What Does Medicare Cover? | Full [Coverage Details] Inside

Millions of Americans rely on Medicare for their health care coverage. Medical services are getting more and more complex as well as more expensive. Many Medicare recipients are already on a fixed income, so paying for medical treatments can be a financial burden in many cases. How do you know exactly what Medicare will cover and pay for and what it won’t? We will run through all the details of Medicare coverage and tell you what it covers as well as some things that it won’t cover. We’ll also discuss your options in cases where they won’t cover things that you feel like they should. Keep reading to get all the details.

 

The Basics Of Medicare Coverage

Medicare coverage is available to a wide range of people, although those coverage options vary a little based on your situation. Retirees who are receiving Social Security benefits will automatically get enrolled in Original Medicare. This includes both Medicare Part A and Medicare Part B. If you or your spouse are receiving Social Security or Railroad retirement benefits, then you qualify for premium-free Medicare Part A. This means that Part A coverage will not cost you anything. You must have paid into the Medicare insurance system long enough during your working years to qualify for free coverage. If you do not qualify for premium-free coverage, then you can choose to pay for Part A coverage. The amount you must pay is related to how long you worked and paid Medicare taxes.

In addition to retirees, you can also be eligible for Medicare if you receive Social Security disability benefits. Once you receive benefits for 24 months, then you will automatically be enrolled in Medicare. If you elect to pay for Part A, then you are generally required to obtain Part B coverage as well. Part B always includes a premium even if you qualify for premium-free coverage under Part A.

We will discuss in more detail in the next section what is covered under each part of Medicare, but here are the basics. Part A is hospital coverage that covers most inpatient care. Part B is similar to basic health insurance that covers doctor visits and outpatient procedures. Medicare Part C is also referred to as a Medicare Advantage Plan. These are plans that are administered by private insurance companies who contract with Medicare. They allow you to manage all your Medicare coverage under a single plan to make things simpler than managing all the separate parts. These plans might even include vision and dental coverage if you elect to purchase those. Finally, Medicare Part D is your prescription drug coverage.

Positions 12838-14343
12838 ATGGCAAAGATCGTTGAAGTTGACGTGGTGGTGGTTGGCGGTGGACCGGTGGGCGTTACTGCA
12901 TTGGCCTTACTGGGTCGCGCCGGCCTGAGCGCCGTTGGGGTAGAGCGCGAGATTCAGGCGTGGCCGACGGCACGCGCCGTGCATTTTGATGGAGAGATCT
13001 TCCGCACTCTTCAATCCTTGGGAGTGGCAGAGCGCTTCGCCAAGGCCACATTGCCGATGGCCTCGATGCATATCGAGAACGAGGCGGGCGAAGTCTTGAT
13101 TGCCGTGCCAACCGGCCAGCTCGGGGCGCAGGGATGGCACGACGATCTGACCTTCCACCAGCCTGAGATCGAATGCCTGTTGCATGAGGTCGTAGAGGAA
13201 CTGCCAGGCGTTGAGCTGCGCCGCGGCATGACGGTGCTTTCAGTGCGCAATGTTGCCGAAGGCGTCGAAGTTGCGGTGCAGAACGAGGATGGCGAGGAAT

What Medicare Covers

Now that you know the basics of Medicare health plans, let’s discuss in more detail what each part of Medicare will cover. Here is what you need to know.

— Medicare Part A

What does Medicare Part A cover? Medicare Part A is often called hospital insurance. It would be similar to medical insurance that you would use for hospital care. It covers things like hospital stays for inpatient care, hospice care, and home health care. Part A will also pay for care in a skilled nursing facility or nursing home care. However, the facility must be a skilled nursing facility as Medicare will not pay for long term care in a nursing home.

 

— Medicare Part B

So, what does Medicare Part B cover? Medicare Part B is similar to your basic health insurance. It pays for things like outpatient care, preventive services and medically necessary services. These are things like regular doctor office visits. Part B also pays for items that you might not normally think of like durable medical equipment, ambulance services, clinical research, or dialysis treatments. In addition, Part B covers mental health services as well. While Part B is generally limited to outpatient services, it will cover inpatient, outpatient, and partial hospitalization for mental health care. Most preventive care like health screenings and vaccines are covered at no charge for Part B beneficiaries.